How e-cloth Works

The e-cloth Basics

Each e-cloth has an extraordinary 480,000 strands per square centimetre. Every special e-cloth fibre is 1/200th the width of a human hair. It is this, together with the wedge shape of each individual fibre, that gives the cloths their remarkable cleaning capability and their high absorbency.

Unlike conventional cloths, as you draw an e-cloth across a surface, the fibres clean by breaking up, trapping and absorbing dirt AND grease into the material. All this with just water.

There is a lot more to it than that, of course, and each cloth is different.


How e-cloths and water work together

Water is pretty good at cleaning most things all by itself. That's because its molecules have two very different ends. They're electrically unbalanced, so they stick to all kinds of things (including lumps of dirt) like tiny magnets and break them apart. Water is sometimes called a universal solvent because it can dissolve so many different things. e-cloth fibres can get a better grip of tiny dirt particles that bigger fibres wander nonchalantly past. There are natural adhesive forces (forces of attraction) between tiny fibres and tiny particles of dirt called van der Waals forces. (Van der Waals forces are the things that stick geckos to ceilings using tiny hairs in their feet.) The van der Waals force between each microfibre and each dirt spec is pretty tiny, but when there are lots of fibres the effect is multiplied enormously. Dust, dirt, and bacteria naturally cling to the microfibres and stay there.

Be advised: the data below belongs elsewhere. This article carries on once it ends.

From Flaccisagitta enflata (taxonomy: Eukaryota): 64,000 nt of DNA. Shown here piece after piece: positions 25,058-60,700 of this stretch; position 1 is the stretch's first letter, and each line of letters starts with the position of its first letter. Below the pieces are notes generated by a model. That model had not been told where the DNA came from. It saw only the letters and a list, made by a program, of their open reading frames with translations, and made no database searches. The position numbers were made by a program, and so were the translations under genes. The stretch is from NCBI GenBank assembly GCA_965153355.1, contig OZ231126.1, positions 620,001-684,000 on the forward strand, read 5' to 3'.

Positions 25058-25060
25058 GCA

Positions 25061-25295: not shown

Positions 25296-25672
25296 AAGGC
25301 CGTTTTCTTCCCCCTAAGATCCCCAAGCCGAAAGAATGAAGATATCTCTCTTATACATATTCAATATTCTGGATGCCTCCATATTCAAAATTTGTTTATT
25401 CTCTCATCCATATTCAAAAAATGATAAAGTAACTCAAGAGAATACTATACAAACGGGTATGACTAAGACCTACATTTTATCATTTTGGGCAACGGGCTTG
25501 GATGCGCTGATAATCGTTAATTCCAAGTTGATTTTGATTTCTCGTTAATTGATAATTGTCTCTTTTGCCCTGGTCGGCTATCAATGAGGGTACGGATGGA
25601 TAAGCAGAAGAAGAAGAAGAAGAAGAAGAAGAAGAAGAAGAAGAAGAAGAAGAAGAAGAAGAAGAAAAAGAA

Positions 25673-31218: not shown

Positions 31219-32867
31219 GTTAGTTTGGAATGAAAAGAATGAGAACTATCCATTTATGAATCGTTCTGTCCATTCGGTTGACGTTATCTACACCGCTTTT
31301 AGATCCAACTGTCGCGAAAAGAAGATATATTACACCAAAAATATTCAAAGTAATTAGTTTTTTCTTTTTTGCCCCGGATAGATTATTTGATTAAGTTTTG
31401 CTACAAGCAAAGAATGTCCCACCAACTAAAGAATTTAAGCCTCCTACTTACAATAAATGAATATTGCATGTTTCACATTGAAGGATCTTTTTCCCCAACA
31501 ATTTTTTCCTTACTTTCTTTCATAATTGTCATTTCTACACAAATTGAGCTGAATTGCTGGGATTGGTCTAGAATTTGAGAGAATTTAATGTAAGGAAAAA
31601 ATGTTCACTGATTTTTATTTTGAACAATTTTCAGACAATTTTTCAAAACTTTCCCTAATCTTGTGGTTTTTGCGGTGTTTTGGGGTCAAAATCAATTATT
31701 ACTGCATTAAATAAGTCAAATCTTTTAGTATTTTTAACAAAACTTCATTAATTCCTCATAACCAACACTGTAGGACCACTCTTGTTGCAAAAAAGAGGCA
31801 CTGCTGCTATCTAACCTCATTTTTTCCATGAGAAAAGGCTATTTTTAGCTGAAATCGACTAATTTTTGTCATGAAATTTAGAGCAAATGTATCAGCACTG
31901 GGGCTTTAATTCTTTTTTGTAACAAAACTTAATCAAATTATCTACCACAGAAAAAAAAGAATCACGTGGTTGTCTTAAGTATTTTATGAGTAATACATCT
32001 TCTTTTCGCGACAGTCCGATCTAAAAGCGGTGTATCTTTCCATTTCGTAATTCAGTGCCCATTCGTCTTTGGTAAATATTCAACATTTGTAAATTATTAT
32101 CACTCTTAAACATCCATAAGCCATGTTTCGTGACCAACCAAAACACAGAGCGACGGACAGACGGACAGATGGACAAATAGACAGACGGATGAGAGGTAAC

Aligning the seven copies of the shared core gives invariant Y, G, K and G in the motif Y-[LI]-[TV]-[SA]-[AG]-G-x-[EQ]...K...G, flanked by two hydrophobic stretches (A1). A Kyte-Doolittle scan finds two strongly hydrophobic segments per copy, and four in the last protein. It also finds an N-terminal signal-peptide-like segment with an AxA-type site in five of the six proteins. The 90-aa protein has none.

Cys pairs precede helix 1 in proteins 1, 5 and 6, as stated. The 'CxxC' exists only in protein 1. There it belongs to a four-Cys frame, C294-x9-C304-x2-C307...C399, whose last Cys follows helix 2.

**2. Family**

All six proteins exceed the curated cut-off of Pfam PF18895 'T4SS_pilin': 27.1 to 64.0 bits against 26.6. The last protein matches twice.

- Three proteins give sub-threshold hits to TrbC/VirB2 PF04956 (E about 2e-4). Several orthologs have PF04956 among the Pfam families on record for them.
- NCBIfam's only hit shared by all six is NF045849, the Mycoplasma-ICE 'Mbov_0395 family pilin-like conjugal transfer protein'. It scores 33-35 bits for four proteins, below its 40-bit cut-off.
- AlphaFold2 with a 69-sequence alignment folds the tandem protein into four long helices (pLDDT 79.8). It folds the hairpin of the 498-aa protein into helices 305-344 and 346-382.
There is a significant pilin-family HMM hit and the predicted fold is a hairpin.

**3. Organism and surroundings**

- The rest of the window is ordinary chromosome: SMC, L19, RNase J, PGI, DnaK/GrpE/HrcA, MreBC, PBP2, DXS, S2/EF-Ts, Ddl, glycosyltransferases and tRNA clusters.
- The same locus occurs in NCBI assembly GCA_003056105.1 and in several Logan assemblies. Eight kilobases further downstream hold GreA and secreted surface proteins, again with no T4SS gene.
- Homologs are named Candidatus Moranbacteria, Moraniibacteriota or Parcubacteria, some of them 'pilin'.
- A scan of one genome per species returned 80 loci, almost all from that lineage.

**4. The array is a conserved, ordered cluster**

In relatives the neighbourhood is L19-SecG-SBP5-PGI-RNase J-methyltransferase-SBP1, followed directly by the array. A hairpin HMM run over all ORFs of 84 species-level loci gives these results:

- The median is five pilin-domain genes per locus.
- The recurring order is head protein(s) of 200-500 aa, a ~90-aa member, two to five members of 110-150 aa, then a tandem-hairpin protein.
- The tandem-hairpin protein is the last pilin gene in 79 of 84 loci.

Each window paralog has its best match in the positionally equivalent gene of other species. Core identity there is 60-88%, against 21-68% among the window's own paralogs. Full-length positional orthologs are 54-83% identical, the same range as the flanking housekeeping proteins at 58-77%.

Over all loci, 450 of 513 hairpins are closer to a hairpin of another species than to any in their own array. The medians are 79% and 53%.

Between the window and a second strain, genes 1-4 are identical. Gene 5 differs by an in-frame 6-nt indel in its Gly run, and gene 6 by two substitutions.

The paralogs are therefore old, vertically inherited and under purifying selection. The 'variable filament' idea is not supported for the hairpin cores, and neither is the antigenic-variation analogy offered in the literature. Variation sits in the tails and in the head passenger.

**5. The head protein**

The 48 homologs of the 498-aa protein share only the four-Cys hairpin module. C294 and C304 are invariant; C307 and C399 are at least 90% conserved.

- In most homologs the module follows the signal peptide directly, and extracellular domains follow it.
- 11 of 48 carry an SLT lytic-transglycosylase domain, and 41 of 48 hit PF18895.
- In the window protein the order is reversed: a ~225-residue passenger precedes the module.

"Using the natural cleaning power of water, combined with the enormous cleaning power of the millions of tiny fibres in e-cloths, its possible to clean mechanically, not chemically."
courtesy of


  1. e-cloths will last you a long time - at least 300 washes guaranteed

  2. e-cloth will save you money, by reducing your use of household chemicals by up to 90%. We estimate this to be a saving of up to $100 per year for an average household.

    SOURCE: Marketing pocket book 2008 average household spends on cleaning products AC Nielsen.